Giovanni Pico della Mirandola

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Count Giovanni Pico della Mirandola (24 February 146317 November 1494) was an Italian Renaissance philosopher.

Quotes[edit]

Opera omnia, 1601

Oration on the Dignity of Man (1496)[edit]

Latin Title: Oratio de hominis dignitate

  • O summam Dei patris liberalitatem, summam et admirandam hominis foelicitatem! Cui datum id habere quod optat, id esse quod velit. Bruta simul atque nascuntur id secum afferunt (ut ait Lucilius) e bulga matris quod possessura sunt. Supremi spiritus aut ab initio aut paulo mox id fuerunt, quod sunt futuri in perpetuas aeternitates. Nascenti homini omnifaria semina et omnigenae vitae germina indidit Pater. Quae quisque excoluerit illa adolescent, et fructus suos ferent in illo. Si vegetalia planta fiet, si sensualia obrutescet, si rationalia caeleste evadet animal, si intellectualia angelus erit et Dei filius. Et si nulla creaturarum sorte contentus in unitatis centrum suae se receperit, unus cum Deo spiritus factus, in solitaria Patris caligine qui est super omnia constitutus omnibus antestabit.
    • Oh unsurpassed generosity of God the Father, Oh wondrous and unsurpassable felicity of man, to whom it is granted to have what he chooses, to be what he wills to be! The brutes, from the moment of their birth, bring with them, as Lucilius says, “from their mother’s womb” all that they will ever possess. The highest spiritual beings were, from the very moment of creation, or soon thereafter, fixed in the mode of being which would be theirs through measureless eternities. But upon man, at the moment of his creation, God bestowed seeds pregnant with all possibilities, the germs of every form of life. Whichever of these a man shall cultivate, the same will mature and bear fruit in him. If vegetative, he will become a plant; if sensual, he will become brutish; if rational, he will reveal himself a heavenly being; if intellectual, he will be an angel and the son of God. And if, dissatisfied with the lot of all creatures, he should recollect himself into the center of his own unity, he will there become one spirit with God, in the solitary darkness of the Father, Who is set above all things, himself transcend all creatures.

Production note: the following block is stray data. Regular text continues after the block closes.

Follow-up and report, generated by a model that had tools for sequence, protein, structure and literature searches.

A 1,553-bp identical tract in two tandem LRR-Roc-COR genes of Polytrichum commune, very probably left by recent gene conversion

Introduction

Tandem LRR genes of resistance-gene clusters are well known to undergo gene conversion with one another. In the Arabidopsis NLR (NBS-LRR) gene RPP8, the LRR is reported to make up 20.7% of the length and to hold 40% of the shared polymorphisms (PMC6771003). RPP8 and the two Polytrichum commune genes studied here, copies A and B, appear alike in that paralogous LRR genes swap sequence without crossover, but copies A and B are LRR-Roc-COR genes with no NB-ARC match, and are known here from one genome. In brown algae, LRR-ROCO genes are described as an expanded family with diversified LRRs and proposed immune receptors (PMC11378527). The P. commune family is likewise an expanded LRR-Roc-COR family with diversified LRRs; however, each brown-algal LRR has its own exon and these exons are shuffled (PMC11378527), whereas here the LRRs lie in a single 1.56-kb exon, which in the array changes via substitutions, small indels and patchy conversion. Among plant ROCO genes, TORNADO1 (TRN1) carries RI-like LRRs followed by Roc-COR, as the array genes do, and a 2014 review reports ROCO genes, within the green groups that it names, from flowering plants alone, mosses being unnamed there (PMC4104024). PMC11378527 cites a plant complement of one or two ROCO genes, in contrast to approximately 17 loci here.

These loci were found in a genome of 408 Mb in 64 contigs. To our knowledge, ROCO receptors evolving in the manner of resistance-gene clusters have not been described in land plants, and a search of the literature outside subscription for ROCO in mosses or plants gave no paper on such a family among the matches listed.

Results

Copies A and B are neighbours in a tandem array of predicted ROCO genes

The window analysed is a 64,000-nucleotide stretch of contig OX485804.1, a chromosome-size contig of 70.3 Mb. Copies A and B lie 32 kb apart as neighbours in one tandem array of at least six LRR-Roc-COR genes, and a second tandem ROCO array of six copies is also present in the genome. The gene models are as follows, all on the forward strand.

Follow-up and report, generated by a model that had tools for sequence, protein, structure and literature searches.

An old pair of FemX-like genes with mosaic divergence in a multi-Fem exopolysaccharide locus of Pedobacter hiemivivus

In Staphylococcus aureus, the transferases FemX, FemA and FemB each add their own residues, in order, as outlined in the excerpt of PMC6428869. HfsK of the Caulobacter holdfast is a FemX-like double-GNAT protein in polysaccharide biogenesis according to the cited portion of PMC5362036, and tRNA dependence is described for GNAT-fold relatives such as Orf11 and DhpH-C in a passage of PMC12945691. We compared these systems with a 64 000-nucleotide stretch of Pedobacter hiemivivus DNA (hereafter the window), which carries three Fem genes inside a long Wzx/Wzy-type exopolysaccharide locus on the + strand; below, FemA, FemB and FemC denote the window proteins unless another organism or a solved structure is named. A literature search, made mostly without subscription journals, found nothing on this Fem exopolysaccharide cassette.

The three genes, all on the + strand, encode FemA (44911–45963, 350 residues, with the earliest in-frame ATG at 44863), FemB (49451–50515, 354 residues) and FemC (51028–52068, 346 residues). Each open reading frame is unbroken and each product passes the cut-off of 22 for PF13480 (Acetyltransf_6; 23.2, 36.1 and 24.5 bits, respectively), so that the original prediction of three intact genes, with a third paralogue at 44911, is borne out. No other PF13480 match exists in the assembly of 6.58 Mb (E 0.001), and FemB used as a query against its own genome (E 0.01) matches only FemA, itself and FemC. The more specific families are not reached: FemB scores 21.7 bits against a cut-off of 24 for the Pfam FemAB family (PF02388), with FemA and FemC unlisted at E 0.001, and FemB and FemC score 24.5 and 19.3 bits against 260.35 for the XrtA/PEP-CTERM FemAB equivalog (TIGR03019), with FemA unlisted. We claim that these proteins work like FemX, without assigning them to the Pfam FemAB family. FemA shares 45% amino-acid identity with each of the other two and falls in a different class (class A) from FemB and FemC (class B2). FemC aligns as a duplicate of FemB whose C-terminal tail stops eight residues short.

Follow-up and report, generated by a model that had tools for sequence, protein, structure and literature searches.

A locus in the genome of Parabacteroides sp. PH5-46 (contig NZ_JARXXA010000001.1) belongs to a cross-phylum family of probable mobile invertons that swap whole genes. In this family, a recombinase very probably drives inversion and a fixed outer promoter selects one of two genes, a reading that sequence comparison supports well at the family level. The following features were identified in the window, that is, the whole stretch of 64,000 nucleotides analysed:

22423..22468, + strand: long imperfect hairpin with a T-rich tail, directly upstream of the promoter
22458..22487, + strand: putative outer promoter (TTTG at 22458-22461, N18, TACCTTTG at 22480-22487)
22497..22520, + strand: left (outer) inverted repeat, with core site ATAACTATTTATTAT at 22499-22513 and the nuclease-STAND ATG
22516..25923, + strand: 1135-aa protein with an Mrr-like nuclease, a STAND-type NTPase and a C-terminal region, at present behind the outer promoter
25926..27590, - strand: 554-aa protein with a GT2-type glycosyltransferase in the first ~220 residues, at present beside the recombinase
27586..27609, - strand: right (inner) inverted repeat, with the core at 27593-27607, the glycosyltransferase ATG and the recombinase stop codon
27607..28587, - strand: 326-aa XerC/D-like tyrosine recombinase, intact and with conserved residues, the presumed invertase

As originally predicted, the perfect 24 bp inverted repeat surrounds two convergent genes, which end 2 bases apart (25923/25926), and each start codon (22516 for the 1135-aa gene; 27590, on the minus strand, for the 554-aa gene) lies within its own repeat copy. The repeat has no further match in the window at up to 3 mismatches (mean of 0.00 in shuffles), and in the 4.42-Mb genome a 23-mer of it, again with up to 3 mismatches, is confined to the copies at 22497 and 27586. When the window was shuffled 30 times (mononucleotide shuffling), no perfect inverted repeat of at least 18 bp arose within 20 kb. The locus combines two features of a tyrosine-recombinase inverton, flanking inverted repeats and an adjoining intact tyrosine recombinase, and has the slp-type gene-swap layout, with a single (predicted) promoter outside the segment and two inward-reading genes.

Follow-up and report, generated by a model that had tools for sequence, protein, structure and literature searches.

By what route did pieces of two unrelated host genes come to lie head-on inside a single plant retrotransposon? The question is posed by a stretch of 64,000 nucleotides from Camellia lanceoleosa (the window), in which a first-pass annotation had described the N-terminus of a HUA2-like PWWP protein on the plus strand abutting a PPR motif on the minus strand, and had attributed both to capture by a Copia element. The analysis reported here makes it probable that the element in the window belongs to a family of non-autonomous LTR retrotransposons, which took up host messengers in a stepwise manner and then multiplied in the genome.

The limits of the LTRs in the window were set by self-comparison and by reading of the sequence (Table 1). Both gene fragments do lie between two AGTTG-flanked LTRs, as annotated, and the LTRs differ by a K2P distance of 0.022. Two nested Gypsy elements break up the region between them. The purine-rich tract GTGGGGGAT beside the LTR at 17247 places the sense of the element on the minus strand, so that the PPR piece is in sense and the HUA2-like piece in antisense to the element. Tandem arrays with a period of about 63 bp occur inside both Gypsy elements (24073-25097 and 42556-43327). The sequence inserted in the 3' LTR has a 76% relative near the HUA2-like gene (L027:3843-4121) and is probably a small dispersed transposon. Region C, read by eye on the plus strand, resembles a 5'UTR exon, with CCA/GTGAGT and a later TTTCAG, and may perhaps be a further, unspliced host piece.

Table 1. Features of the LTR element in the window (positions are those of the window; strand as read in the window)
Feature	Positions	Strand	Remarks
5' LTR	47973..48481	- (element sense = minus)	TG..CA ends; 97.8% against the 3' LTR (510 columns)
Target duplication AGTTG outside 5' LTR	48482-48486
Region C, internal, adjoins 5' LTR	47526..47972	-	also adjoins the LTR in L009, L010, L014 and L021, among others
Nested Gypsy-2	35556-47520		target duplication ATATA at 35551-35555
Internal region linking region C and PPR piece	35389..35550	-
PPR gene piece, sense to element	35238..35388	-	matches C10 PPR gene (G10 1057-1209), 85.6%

• 6. 24-31; translation by A. Robert Caponigri
        • Alternate translation of 6. 28-29 (Nascenti homini omnifaria semina et omnigenae vitae germina indidit Pater. Quae quisque excoluerit illa adolescent, et fructus suos ferent in illo.):
          The Father infused in man, at birth, every sort of seed and sprouts of every kind of life. These seeds will grow and bear their fruit in each man who will cultivate them.
  • Si quem enim videris deditum ventri, humi serpentem hominem, frutex est, non homo, quem vides; si quem in fantasiae quasi Calipsus vanis praestigiis cecucientem et subscalpenti delinitum illecebra sensibus mancipatum, brutum est, non homo, quem vides. Si recta philosophum ratione omnia discernentem, hunc venereris; caeleste est animal, non terrenum. Si purum contemplatorem corporis nescium, in penetralia mentis relegatum, hic non terrenum, non caeleste animal: hic augustius est numen humana carne circumvestitum.
    • If you see a man dedicated to his stomach, crawling on the ground, you see a plant and not a man; or if you see a man bedazzled by the empty forms of the imagination, as by the wiles of Calypso, and through their alluring solicitations made a slave to his own senses, you see a brute and not a man. If, however, you see a philosopher, judging and distinguishing all things according to the rule of reason, him shall you hold in veneration, for he is a creature of heaven and not of earth; if, finally, a pure contemplator, unmindful of the body, wholly withdrawn into the inner chambers of the mind, here indeed is neither a creature of earth nor a heavenly creature, but some higher divinity, clothed in human flesh.